L_Droad*** (−)*** (−)*** (−)*** (−)*** (−)*** (−)(L_dep)*** (−)(L_vil)
L_Dmun_distr(L_Droad)(L_Droad)(L_Droad)(L_Droad)(L_Droad)(L_Droad)(L_dep)(L_Droad)(L_vil)
L_Ddep_prov(L_Droad)(L_Droad)(L_Droad)(L_Droad)(L_Droad)(L_Droad)*** (+)(L_Droad)(L_vil)
L_Dvillage(L_Droad)(L_Droad)(L_Droad)(L_Droad)(L_Droad)(L_Droad)(L_dep)(L_Droad)*** (−)
P_Andean** (+)(P_NonI)*** (+)(P_Noi)*** (+)N/AN/AN/AN/A
P_LowlI(P_And)n/s*** (−)*** (−)(P_Noi)N/AN/AN/AN/A
P_NonI(P_And)*** (−)(P_And)*** (−)*** (+)N/AN/AN/AN/A
P_TaiKN/AN/AN/AN/AN/An/s* (-)** (+)* (+)
P_AustasN/AN/AN/AN/AN/A(P_TaiK)(P_Taik)n/sn/s
P_MiaoTibN/AN/AN/AN/AN/A** (−)* (−)(P_Austr)(P_Austr)
*** = significant at 0 < p < 0.001; ** = significant at 0.001 < p < 0.01; * = significant at 0.01 < p < 0.05; =significant at 0.05 < p < 0.1; n/s = not significant. The signs indicate the correlation direction. Indications between parenthesis show the variables to which to not used variables were correlated at >0.5. L_x indicate the 10-base log of the variable.
Table 6. Significance of explanatory variables for relative forest gain in the multivariate stepwise regression model.
Table 6. Significance of explanatory variables for relative forest gain in the multivariate stepwise regression model.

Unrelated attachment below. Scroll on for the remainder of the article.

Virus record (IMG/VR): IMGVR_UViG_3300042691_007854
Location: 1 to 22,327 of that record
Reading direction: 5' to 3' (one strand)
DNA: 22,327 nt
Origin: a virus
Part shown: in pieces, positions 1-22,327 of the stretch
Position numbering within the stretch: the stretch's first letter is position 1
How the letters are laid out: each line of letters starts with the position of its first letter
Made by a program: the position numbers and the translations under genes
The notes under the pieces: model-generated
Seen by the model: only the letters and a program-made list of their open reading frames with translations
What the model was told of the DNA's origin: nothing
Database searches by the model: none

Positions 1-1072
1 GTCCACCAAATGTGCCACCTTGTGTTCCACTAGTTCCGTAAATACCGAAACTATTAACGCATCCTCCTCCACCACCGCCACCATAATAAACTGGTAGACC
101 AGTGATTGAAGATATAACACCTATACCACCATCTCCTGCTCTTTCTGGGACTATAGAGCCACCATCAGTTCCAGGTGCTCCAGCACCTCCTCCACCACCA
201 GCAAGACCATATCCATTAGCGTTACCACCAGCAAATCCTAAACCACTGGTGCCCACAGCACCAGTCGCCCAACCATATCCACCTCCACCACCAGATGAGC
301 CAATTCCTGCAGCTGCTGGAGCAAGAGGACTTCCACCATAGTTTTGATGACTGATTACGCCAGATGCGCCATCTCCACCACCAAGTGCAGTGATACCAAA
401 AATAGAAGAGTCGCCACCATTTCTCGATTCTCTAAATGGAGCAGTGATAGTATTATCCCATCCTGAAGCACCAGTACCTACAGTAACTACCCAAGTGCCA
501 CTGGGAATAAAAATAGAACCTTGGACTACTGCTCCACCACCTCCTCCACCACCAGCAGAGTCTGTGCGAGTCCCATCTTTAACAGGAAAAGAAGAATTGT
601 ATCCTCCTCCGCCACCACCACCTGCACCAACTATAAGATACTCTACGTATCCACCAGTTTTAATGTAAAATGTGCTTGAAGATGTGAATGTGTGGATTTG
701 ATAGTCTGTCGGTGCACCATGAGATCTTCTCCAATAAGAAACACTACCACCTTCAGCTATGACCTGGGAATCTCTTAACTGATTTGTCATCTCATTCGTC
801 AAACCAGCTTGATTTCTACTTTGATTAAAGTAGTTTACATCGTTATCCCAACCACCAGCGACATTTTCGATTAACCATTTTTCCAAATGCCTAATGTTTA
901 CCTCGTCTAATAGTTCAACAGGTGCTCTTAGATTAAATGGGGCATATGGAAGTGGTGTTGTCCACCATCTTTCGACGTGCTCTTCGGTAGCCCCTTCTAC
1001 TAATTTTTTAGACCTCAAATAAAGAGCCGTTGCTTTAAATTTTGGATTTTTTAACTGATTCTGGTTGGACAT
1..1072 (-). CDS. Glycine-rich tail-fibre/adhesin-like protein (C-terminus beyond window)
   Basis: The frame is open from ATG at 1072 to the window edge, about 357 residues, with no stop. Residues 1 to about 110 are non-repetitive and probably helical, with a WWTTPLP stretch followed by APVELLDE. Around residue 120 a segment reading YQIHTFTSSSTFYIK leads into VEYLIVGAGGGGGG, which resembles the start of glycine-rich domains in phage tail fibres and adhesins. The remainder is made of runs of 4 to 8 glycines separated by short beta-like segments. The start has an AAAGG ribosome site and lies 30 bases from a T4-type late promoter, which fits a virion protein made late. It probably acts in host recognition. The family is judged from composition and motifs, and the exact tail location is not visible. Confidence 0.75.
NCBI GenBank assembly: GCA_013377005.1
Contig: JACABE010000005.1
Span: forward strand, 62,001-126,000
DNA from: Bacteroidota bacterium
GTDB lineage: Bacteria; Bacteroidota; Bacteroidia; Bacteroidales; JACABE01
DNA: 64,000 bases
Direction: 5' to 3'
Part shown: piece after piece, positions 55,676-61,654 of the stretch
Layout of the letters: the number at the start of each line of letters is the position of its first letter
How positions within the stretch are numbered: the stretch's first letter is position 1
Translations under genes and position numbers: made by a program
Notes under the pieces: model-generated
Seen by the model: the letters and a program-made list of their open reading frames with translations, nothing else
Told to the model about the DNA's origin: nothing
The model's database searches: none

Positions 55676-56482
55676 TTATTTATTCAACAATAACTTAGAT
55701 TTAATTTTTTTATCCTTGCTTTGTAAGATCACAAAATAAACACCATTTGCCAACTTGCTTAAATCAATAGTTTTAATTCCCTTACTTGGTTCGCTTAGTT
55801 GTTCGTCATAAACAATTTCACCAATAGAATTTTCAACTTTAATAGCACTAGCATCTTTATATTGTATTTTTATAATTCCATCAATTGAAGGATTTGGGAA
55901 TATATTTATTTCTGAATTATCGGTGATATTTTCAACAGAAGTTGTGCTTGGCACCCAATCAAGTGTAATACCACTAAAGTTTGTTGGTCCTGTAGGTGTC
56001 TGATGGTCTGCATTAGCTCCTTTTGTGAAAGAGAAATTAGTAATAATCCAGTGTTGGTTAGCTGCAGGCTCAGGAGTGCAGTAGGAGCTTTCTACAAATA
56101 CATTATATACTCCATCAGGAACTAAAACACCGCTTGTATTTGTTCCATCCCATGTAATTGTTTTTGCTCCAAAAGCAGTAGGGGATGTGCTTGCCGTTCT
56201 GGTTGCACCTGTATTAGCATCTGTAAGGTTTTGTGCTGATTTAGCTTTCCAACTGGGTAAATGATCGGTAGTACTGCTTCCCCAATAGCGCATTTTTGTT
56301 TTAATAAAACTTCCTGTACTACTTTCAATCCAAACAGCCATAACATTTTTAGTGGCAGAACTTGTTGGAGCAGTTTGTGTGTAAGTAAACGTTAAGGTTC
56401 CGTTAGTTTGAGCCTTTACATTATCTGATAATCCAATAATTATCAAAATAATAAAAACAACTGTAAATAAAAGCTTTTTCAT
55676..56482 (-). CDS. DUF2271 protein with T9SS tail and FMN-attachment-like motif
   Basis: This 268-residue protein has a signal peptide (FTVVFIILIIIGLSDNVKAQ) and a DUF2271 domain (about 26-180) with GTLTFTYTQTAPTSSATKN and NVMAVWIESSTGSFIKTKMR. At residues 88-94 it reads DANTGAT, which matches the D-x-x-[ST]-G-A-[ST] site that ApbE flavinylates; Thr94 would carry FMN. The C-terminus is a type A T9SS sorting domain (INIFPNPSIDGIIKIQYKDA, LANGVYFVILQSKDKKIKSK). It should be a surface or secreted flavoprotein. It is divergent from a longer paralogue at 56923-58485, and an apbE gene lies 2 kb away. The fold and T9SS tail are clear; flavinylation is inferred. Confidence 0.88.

NLPNLPSCASCASCALPPLPPLNPLNP
GainGainGainGainGainGainGainGainGain
L_Population density(L_Droad)(L_Droad)(L_Droad)(L_Droad)(L_Droad)(L_Droad)(L_vil)(L_Droad)(L_vil)
Poverty(Extr.pov)(Extr.pov)(Extr.pov)(Extr.pov)(Extr.pov)n/sn/sn/sn/s
Extreme poverty*** (+)*** (+)*** (+)*** (+)*** (+)N/AN/AN/AN/A
L_Droad*** (−)*** (−)*** (−)*** (−)*** (−)* (+)(L_vil)n/s(L_vil)
L_Dmun_distr(L_Droad)(L_Droad)(L_Droad)(L_Droad)(L_Droad)(L_Droad)(L_vil)(L_Droad)(L_vil)
L_Ddep_prov(L_Droad)(L_Droad)(L_Droad)(L_Droad)(L_Droad)(L_Droad)(L_vil)(L_Droad)(L_vil)
L_Dvillage(L_Droad)(L_Droad)(L_Droad)(L_Droad)(L_Droad)(L_Droad)** (+)(L_Droad)n/s
P_Andean*** (−)(P_NonI)*** (+)(P_Noi)n/sN/AN/AN/AN/A
P_LowlI(P_And)*** (+)*** (+)n/s(P_Noi)N/AN/AN/AN/A
P_NonI(P_And)* ()(P_And)*** (−)*** (−)N/AN/AN/AN/A
P_TaiKN/AN/AN/AN/AN/A*** (−)*** (−)* (−)* (−)
P_AustasN/AN/AN/AN/AN/A(P_TaiK)(P_Taik)n/sn/s
P_MiaoTibN/AN/AN/AN/AN/An/sn/s(P_Austr)(P_Austr)
*** = significant at 0 < p < 0.001; ** = significant at 0.001 < p < 0.01; * = significant at 0.01 < p < 0.05; =significant at 0.05 < p < 0.1; n/s = not significant; The signs indicate the correlation direction. Indications between parenthesis show the variables to which to not used variables were correlated at >0.5; L_x indicate the 10-base log of the variable.

2.2.2. The Santa Cruz Agroindustrial Area (SCA)